Monday, April 20, 2009

Could it be this bearish for the S&P 500?

I'm not an Elliott wave expert and the counts can get a little complicated and esoteric for me, but I think Elliott Wave Theory can be useful when used as one of many other tools for technical analysis. Because I believe the bear market rally is due to be over based on a number of technical indicators I follow, I like to take my guess at the wave count from time to time to help me figure out where we are and where we may be going.

In Elliott Wave, the impulsive waves are easier to identify and characterize than the corrective waves. One of the arguments Elliott Wave theorists (including Prechter) have floated is that the March low was the fifth wave down of wave 3 (out of 5 waves) and a significant time and price re-trace is due in a big wave 4. I think this is wrong and am happy to stick my neck out to predict Prechter will be proven very wrong.

I will start with a NASDAQ composite ($COMPQ) 2.5 year weekly chart of the bear market so far with my thoughts:

This alternate count is not unreasonable IMO when looking at the NASDAQ weekly chart and implies that we have been correcting since the November panic lows and the correction is a not unusual expanding flat configuration for wave 4. That means the final leg, or wave 5 down, is about to begin.

When looking at the S&P 500, such a count would require what is called a running flat, which is a rare corrective pattern that would be uber-bearish as it implies that the downward trend is VERY STRONG and distorts the correction downward, which of course fits perfectly with the fundamentals. Remember that not as many bank and real estate stocks are in the NASDAQ and tech fundamentals are lousy due to the recession/depression, but they have been beaten up so bad over the past decade that their fundamentals and valuations are actually much healthier and more rational now than financial firms (many of which, including the largest banks and Wall Street firms left standing in the U.S., have a negative actual value). A 2.5 year weekly S&P 500 chart is shown below with comments focused on the last 6 months:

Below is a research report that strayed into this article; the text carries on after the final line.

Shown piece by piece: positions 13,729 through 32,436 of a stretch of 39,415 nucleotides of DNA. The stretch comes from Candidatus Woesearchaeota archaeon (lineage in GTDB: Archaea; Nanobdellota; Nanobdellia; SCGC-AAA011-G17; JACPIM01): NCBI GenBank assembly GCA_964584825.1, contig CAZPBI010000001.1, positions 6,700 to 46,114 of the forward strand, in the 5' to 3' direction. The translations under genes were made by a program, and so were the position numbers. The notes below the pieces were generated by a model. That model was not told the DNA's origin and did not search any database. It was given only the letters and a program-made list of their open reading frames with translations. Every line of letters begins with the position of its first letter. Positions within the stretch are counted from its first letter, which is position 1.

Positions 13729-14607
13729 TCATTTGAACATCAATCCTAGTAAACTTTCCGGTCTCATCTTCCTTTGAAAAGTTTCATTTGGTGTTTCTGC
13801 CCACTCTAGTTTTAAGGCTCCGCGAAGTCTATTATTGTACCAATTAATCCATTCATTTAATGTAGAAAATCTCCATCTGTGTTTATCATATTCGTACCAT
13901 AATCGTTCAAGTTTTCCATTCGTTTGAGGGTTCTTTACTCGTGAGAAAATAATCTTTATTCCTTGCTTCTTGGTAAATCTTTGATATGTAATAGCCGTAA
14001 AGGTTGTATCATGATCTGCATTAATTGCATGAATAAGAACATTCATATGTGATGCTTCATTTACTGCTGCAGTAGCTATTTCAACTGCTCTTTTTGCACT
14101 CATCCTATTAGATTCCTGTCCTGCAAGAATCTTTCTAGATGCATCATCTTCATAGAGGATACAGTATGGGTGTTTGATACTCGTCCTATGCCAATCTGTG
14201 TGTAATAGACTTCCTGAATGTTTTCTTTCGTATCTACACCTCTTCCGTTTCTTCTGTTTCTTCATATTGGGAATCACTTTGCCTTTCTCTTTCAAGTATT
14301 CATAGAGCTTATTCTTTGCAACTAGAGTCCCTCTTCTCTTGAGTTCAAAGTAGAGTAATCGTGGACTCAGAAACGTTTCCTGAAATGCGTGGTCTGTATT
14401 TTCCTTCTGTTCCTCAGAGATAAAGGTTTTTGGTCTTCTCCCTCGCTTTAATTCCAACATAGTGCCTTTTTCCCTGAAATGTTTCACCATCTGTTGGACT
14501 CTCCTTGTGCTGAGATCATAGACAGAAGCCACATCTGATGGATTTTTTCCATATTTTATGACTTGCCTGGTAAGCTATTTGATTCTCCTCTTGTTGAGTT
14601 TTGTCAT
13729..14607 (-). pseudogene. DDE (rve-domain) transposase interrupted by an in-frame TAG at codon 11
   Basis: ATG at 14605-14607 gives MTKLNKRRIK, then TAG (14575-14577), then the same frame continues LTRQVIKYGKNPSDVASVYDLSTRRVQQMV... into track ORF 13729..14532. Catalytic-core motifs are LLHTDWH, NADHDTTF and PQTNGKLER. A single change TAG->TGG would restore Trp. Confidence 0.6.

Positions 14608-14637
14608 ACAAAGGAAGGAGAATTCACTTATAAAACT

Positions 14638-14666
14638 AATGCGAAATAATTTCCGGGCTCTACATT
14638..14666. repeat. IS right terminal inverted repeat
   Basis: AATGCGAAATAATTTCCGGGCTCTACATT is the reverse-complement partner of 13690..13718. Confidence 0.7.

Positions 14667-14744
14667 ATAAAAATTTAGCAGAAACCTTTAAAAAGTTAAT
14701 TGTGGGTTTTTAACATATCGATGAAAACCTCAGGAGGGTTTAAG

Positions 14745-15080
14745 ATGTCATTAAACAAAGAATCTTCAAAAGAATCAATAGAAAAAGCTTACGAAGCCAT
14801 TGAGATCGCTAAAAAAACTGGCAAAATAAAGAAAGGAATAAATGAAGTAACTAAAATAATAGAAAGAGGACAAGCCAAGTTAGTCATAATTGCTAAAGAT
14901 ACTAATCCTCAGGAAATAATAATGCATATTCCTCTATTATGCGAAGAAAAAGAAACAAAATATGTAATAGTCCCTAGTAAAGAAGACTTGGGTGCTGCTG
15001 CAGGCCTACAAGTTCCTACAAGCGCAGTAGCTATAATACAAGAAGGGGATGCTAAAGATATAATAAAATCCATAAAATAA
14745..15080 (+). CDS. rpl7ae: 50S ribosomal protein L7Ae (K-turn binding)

If you're not into Elliott wave, the bottom line is that if the time from the November panic lows until now is all a sloppy fourth wave called a running correction, then the fifth wave will be big, bad and ugly and S&P 400 will be the best case scenario for the bulls. Very few want to admit that the deflationary and debt contractionary forces in play are MUCH WORSE right now than during the last so-called great depression in the early 1930s bear market and yet the fundamental data is there if you choose to review it. If the fundamentals are worse, why wouldn't the bear market be just as bad (i.e. 89% top to bottom losses) if not worse?

For those who say the government and federal reserve will print the money and won't let it happen I say watch and learn how powerless these apparatchiks are to stop a panicked herd. They couldn't prevent the GREAT FALL PANIC OF 2008 and they won't stop the devastating losses that come next. Seasonals dictate a turn by the end of May, the other technical indicators indicate a top is due, and the NASDAQ chart looks like its' wave IV correction may have already completed.

The next year in the markets is going to be very ugly. Get short, get into physical Gold (or less desirable paper fiat cash) and/or get out of the way. Grrrrrrrrrrrr!

Wikinvest Wire